The Edition


HPA eases travel restrictions for resorts, liveaboards

Ahmed Aiham
10 April 2020, MVT 17:04
Ahmed Aiham
10 April 2020, MVT 17:04

Director General of Health Protection Agency (HPA) Maimoona Aboobakuru revised travel restrictions on resorts and liveaboards operating across the country, to facilitate employee movement out of tourist establishments as resorts and vessels approach the end of their 14-day quarantine period.

Speaking at the National Emergency Operations Centre (NEOC) on Wednesday, Minister of Health Abdulla Ameen revealed that resort employees will no longer be required to individually file a special form at HPA requesting authorization for their departure.

Under the new procedure, resorts will effectively be considered open 14 days after the departure of the last checked-in tourist. This week, the government confirmed that over 1000 tourists are still in the country.

According to NEOC's Technical Advisory Group (TAG)'s Chief Dr Ali Latheef, the travel restrictions were classified into three categories;

- Resorts, liveaboards with confirmed cases of COVID-19

- Resorts, liveaboards with no suspected cases, negative or otherwise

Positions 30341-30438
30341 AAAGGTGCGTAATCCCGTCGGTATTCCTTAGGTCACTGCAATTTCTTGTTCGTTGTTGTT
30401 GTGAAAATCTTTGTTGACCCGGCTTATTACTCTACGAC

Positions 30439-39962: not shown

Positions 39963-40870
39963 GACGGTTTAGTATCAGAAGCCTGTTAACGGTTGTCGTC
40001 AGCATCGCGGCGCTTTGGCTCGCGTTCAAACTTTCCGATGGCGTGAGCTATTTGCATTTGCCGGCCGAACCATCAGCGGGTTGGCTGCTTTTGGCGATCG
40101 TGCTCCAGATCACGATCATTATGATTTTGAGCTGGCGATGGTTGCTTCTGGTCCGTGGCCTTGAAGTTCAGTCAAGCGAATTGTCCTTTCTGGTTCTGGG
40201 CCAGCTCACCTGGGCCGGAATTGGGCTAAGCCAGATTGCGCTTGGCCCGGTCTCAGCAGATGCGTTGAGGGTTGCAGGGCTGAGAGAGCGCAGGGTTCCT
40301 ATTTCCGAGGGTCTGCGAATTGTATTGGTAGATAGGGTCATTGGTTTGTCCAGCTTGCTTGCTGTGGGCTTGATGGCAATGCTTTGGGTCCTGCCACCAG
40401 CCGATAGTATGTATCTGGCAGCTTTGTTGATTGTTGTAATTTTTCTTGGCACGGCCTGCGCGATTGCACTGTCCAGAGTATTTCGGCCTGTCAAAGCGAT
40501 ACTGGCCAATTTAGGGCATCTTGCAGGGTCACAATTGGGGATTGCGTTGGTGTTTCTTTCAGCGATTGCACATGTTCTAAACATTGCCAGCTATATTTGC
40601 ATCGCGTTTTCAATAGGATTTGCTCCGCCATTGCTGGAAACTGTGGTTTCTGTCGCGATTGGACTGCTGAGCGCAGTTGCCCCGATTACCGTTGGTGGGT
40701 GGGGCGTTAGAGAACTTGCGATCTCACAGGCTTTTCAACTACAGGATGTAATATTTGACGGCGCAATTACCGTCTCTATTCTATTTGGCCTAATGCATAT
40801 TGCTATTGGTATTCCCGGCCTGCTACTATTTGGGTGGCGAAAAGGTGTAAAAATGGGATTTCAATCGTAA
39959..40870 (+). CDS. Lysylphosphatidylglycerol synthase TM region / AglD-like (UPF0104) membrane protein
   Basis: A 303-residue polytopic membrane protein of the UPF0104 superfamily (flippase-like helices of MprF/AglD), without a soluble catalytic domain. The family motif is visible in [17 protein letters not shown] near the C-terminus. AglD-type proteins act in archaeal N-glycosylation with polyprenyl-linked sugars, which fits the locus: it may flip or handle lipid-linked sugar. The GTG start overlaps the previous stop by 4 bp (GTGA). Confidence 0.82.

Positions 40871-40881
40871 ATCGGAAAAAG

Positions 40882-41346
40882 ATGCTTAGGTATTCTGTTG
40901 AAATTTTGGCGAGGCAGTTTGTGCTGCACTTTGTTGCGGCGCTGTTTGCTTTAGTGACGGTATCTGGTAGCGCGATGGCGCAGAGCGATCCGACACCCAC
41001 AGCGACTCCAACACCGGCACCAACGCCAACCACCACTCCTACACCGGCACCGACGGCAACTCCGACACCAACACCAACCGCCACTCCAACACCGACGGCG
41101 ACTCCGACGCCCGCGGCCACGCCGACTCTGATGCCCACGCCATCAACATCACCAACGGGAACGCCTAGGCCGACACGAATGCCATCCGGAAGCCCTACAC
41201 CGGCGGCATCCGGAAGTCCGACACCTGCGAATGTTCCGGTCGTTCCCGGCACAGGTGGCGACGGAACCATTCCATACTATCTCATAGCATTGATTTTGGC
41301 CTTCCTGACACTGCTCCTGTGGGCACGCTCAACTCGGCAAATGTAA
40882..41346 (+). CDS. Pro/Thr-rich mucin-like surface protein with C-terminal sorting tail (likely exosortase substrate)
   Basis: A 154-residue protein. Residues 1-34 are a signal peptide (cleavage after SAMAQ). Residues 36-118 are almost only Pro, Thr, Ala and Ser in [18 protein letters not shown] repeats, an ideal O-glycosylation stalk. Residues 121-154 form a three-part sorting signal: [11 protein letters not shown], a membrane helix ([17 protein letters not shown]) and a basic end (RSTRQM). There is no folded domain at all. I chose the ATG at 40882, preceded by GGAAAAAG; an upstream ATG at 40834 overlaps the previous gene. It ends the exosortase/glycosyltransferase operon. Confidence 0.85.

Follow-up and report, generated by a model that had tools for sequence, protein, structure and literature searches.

- Resorts, liveaboards placed under monitoring with suspected cases tested negative.

According to Dr Latheef, employees from resorts and liveaboards bearing a confirmed infection were required to undergo a 14-day quarantine period in addition to conducting tests before being granted authorization to leave.

Employees at resorts or vessels that fall under the two remaining categories may disembark from the island or vessel following completion of the mandatory 14-day quarantine, post-departure of their final guest.

Moreover, the doctor assured that, should guidelines be adhered to as stipulated, authorities expected no complications to arise as a result of their return.

A travel ban was implemented on March 14 under the state of public health emergency, and was extended liveaboards on March 21.

The measures left resort workers across the archipelago in de facto quarantine for nearly a month and placed them at high risk of contracting the virus from incoming tourists.

Following the government decision to halt issuing on-arrival visas from March 27 onward, workers were permitted to leave their place of employment 14 days following the departure of the last tourist at their respective establishments. In addition to completing a 14-day quarantine, workers were previously required to attain a permit from HPA before leaving resorts or safaris.

Maldives presently records a total of 19 confirmed and six active cases of COVID-19, with a total of 13 recoveries. Four Maldivians remain positive in the country, while two others—one in the UK and another in Malaysia—have tested positive for the virus. Thus far, no local to local transmissions have been recorded.

The World Health Organization has classified the spread of COVID-19 as a global pandemic. The novel coronavirus has infected over 1.5 million people and claimed over 89,877 lives around the world. However, out of those infected, more than 340,176 people have recovered.